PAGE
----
This is Part 5 of a 5-part series

Matt Pedler – Flinders University Counsellor and Clinical Psychologist

Welcome to the final article! This is the part where we get to sort through the mixed feelings and dissonant thoughts and form some sensible, ethical, reality-based beliefs about; ourselves, being white, Aboriginal people, and racism.

The 1st article outlined some roadblocks to relational repair between white and Aboriginal people, the 2nd article explored how history has delivered these roadblocks to us today, the 3rd article explored what keeps the roadblocks in place and of the painful nature of beginning to confront them in the present day.  The 4th article described the ways to not respond to this pain by trying to escape it.  And this article explains how to put it all together and strive to live out healthier versions of ourselves, being white, and anti-racist.  Then, with integrity and authenticity, we can find ourselves a seat at the reconciliation table, roll up our sleeves, and together with Aboriginal people we can build a meaningful relationship which truly aims to promote everyone’s wellbeing.

People in this stage respond to dissonance by reflecting on themselves; they tease apart inherited racism from how they want to be as an individual and a white person and start to unravel their racial privilege.  People tend to take this life-long tact of self-reflexivity rather than attempting to change others and begin to take some action and hold increasing confidence in doing so.



Below are the previous continuums of ‘all or nothing’ thoughts which tend to accompany attempts to escape the dissonance of noticing or seeing racism.  However, in blue, I have included some examples of more balanced and reality-based thinking.  People can find their own balanced thinking if they ‘stay with’ the dissonance for long enough.  This thinking takes more time and work to get to – hence the 4 articles before we got here!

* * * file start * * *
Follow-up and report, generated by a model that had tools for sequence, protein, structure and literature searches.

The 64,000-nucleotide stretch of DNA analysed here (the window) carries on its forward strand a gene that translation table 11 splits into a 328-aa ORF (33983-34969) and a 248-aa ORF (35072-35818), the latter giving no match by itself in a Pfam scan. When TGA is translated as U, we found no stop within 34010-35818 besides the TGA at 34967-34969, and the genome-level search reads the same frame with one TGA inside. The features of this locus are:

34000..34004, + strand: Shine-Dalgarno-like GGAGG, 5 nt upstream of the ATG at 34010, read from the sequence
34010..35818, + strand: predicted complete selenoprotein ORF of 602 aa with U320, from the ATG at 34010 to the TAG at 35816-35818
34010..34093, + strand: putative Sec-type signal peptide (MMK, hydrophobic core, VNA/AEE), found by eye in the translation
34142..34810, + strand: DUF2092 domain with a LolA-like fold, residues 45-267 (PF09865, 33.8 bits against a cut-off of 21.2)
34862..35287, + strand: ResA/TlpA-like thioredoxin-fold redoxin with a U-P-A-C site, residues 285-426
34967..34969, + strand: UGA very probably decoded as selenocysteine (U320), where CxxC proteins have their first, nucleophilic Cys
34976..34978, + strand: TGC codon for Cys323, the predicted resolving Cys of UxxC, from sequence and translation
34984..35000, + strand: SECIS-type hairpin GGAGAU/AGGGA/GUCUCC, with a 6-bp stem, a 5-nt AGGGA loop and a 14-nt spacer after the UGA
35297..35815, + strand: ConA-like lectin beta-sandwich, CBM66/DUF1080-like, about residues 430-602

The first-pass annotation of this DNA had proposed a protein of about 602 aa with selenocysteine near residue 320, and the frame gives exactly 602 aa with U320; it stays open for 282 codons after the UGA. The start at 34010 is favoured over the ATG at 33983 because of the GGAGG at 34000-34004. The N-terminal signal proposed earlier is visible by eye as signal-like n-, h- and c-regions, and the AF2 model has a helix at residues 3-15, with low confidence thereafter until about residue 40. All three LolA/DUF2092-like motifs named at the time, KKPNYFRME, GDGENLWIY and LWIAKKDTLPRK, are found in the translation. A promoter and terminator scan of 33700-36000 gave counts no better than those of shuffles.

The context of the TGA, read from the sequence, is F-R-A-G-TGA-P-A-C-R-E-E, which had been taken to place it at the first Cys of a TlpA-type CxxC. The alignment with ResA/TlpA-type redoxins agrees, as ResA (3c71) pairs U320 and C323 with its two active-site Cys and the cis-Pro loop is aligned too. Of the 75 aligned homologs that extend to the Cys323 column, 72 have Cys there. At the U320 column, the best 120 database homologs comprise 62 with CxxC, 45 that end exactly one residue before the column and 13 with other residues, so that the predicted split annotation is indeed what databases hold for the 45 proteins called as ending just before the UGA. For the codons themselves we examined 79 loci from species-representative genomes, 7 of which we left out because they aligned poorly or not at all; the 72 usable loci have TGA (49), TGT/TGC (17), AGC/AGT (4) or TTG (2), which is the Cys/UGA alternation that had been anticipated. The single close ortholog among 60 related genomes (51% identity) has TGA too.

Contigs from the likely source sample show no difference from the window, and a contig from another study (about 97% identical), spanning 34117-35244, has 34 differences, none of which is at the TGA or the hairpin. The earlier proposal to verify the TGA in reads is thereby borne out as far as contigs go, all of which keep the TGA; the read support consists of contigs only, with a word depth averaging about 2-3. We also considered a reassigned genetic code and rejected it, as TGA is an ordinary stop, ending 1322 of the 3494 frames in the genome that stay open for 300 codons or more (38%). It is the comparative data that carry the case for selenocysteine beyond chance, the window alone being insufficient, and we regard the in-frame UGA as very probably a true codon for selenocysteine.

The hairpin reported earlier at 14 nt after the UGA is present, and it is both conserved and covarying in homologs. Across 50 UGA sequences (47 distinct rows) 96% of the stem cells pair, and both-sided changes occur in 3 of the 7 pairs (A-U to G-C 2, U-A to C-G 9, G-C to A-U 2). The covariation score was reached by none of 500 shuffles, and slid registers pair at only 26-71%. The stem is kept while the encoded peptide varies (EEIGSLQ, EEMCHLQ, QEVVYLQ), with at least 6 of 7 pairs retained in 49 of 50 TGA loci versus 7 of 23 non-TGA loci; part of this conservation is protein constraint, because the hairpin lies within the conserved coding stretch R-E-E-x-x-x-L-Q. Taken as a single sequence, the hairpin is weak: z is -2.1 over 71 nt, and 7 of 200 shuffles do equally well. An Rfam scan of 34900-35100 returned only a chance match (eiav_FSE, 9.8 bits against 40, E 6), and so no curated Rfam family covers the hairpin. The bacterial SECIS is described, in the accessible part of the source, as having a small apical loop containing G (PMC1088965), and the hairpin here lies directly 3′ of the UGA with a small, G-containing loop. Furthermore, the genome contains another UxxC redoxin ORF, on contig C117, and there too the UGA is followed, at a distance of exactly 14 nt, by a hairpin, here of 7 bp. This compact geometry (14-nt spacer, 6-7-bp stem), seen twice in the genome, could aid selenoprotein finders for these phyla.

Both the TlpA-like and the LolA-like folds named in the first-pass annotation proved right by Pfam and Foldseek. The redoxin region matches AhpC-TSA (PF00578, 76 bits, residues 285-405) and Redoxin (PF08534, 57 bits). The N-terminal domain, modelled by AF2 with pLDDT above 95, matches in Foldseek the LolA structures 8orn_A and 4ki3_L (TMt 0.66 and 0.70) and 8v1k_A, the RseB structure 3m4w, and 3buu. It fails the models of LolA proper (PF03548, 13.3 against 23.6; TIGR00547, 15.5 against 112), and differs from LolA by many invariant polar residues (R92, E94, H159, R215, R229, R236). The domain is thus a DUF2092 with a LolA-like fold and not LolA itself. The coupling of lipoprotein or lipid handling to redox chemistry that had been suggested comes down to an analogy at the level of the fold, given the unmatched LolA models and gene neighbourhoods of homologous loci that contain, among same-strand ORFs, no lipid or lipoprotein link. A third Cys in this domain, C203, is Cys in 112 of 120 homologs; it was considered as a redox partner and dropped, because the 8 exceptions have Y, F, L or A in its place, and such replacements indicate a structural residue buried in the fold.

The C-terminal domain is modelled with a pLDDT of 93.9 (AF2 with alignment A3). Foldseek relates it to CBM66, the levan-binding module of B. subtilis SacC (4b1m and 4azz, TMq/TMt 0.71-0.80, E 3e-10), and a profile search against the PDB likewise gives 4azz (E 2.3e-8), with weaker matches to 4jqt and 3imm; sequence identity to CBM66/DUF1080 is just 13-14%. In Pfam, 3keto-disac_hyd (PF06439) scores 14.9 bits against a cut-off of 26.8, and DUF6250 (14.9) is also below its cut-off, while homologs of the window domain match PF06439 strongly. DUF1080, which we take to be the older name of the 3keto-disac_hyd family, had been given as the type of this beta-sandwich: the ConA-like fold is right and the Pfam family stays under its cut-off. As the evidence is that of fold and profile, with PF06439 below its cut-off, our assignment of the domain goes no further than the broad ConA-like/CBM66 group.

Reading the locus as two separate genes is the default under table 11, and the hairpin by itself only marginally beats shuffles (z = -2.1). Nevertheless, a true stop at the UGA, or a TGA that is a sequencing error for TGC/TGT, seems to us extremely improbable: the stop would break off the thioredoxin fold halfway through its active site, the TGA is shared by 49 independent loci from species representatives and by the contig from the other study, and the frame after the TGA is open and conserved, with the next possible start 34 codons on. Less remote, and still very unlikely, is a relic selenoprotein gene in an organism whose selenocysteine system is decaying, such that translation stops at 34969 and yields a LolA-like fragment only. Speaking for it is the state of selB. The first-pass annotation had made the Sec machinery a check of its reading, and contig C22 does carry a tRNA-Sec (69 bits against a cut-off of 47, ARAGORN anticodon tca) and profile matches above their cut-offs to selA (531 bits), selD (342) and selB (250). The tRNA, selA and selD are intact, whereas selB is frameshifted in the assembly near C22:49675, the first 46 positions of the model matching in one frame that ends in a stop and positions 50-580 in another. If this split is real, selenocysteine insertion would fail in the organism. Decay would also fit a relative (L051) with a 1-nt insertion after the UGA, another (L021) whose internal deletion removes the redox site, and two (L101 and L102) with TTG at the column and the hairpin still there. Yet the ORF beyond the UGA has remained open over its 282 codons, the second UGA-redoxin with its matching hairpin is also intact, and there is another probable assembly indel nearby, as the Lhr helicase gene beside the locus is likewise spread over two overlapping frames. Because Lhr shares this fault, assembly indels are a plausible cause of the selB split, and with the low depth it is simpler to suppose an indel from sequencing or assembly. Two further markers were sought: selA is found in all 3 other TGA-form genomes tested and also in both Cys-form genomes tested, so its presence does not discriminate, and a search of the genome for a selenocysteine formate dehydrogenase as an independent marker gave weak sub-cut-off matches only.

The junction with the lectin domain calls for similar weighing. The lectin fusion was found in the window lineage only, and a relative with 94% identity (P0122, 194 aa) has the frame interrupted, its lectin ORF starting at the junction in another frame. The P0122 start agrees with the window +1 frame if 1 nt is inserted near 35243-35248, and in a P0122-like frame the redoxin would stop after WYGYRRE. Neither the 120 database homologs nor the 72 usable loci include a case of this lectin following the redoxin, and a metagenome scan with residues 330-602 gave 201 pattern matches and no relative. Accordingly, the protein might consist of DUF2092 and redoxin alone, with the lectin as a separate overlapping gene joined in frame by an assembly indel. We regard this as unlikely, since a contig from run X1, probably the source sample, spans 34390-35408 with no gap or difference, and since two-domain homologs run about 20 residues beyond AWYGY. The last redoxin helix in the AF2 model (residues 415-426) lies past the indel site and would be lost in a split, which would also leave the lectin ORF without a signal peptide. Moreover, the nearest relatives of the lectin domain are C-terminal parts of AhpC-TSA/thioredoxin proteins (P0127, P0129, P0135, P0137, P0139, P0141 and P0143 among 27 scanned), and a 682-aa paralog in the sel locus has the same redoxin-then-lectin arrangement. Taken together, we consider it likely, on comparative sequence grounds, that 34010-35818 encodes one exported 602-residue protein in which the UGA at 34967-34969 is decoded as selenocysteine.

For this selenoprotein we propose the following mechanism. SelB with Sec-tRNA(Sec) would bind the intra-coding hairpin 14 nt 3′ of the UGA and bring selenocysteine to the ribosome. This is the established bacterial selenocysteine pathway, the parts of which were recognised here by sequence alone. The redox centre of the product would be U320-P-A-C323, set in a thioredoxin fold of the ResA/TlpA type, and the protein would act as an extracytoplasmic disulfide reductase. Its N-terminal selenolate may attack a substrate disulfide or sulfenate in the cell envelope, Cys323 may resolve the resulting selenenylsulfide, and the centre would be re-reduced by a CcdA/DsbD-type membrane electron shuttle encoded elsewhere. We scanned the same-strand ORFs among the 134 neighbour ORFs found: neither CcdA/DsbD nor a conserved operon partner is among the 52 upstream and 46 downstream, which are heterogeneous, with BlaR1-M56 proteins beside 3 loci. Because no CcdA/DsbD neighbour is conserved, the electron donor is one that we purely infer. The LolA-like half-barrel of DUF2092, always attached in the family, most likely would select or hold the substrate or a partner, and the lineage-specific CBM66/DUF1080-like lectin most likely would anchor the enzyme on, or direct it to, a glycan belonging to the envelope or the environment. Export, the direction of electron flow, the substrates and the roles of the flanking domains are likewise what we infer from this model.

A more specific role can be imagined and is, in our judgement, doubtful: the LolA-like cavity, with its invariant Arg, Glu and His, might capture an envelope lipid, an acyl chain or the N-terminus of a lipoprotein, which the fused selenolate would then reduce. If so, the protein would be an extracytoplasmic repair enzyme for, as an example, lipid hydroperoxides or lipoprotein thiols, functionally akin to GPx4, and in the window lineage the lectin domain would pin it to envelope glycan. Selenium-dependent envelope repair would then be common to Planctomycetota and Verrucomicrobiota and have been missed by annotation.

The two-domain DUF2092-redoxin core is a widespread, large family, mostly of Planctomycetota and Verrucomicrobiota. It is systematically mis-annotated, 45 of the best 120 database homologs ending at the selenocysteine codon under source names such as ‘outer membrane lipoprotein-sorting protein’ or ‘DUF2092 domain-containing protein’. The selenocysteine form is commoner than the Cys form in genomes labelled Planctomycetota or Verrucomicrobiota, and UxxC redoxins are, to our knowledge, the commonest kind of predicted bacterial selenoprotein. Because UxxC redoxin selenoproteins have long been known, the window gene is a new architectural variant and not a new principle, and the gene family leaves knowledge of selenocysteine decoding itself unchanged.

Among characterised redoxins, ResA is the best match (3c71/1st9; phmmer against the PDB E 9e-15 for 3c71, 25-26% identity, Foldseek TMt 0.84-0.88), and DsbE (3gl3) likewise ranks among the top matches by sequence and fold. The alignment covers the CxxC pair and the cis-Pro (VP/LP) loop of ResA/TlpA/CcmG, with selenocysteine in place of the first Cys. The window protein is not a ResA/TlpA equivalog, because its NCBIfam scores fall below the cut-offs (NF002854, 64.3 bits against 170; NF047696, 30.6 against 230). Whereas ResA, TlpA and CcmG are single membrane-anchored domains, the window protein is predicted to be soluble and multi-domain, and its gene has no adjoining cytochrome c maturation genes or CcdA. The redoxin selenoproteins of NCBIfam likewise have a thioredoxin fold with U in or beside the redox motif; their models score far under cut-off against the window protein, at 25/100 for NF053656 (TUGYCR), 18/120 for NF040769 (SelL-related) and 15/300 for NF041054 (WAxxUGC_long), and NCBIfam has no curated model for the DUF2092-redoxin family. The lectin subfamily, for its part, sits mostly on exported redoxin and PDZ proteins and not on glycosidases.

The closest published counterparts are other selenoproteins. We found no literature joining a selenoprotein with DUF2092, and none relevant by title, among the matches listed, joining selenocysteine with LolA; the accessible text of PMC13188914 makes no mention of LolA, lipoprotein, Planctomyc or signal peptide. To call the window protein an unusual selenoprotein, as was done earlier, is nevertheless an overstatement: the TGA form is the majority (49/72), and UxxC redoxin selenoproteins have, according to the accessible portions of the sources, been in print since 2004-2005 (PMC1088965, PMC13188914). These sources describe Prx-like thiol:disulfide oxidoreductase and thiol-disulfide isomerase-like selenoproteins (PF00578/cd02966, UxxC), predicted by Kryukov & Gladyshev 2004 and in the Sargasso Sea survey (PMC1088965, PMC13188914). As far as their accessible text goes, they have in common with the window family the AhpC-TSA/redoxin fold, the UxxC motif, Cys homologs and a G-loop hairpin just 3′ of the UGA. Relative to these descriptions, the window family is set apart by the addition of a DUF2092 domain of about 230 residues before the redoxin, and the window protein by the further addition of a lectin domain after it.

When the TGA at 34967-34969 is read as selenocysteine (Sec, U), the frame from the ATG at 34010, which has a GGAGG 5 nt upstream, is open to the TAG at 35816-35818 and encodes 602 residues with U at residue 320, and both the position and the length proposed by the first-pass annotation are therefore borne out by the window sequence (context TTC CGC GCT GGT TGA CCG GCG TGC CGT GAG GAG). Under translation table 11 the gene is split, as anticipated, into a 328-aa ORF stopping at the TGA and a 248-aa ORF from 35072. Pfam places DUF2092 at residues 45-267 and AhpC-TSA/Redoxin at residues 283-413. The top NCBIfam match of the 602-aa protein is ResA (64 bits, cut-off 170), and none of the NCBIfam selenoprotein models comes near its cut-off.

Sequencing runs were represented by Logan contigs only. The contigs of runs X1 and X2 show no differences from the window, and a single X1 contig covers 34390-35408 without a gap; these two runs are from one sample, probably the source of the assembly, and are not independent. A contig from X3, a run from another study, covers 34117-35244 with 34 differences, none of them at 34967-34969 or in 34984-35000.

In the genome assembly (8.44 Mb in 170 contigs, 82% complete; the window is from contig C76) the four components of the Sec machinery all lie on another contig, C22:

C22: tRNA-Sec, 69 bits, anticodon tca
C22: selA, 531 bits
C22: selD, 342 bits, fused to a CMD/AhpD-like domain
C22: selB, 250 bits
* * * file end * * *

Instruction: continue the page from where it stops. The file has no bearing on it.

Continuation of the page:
People in this stage may experience anger at themselves, their culture, institutions, and nation for the racism that they are becoming increasingly adept at noticing in; popular culture, advertising, sport, their workplace, media, and social and familial circles.  White people in this stage will also have to endure significant guilt as they wrestle with the realisation that, not only have they been misled by their own institutions and versions of history and knowledge, but they have also been complicit in our silence whilst the inequality has rolled on.



Some modern examples of this healthy reflective response to dissonance are possibly evidenced in: a recent example of cooperation regarding colonial statues being altered, The return of Mungo Man supported by the scientist who originally removed his bones, the 1967 Referendum, certain local governments’ refusal to celebrate Australia Day on the 26th of January, the refusal to forget the gift to democracy provided by The Statement From The Heart, the work of Reconciliation Australia, and the annual re-enactment of James Cook’s first landing in Australia held in the QLD community of Cooktown.  This latter story is told by Mark McKenna who describes how the community have interwoven both Aboriginal and white narratives and participation into the annual re-enactment/memorial, which is itself a process of ongoing healing and reconciliation.


Costs and benefits:

One cost of this self-reflection is that reflective white people may be marginalised and discouraged by other white people who themselves can experience escapism in response to such progress.  This unhelpful reaction can occur with white friends and family which can create self-doubt and relational friction and it is therefore crucial to seek out white mentors and supporters – an Ally for an Ally if you will.

The benefits for white people in this stage are that they are liberated from the confines of their previously learnt discriminatory and supremacist beliefs.  We could then achieve some slight overlap in our racial identities in a way which is adaptive for this place, time, and context, mitigating the pressure on just Aboriginal Australians to be culturally bi-lingual. Manifestations of this identity overlap could include a deeper and more symbiotic attachment to place and each other, and an integration of knowledge and worldviews.  In a circular way we might be able to regain some lost connectedness to our natural world, which was previously sacrificed for our own survival in our European past.


Personal experience: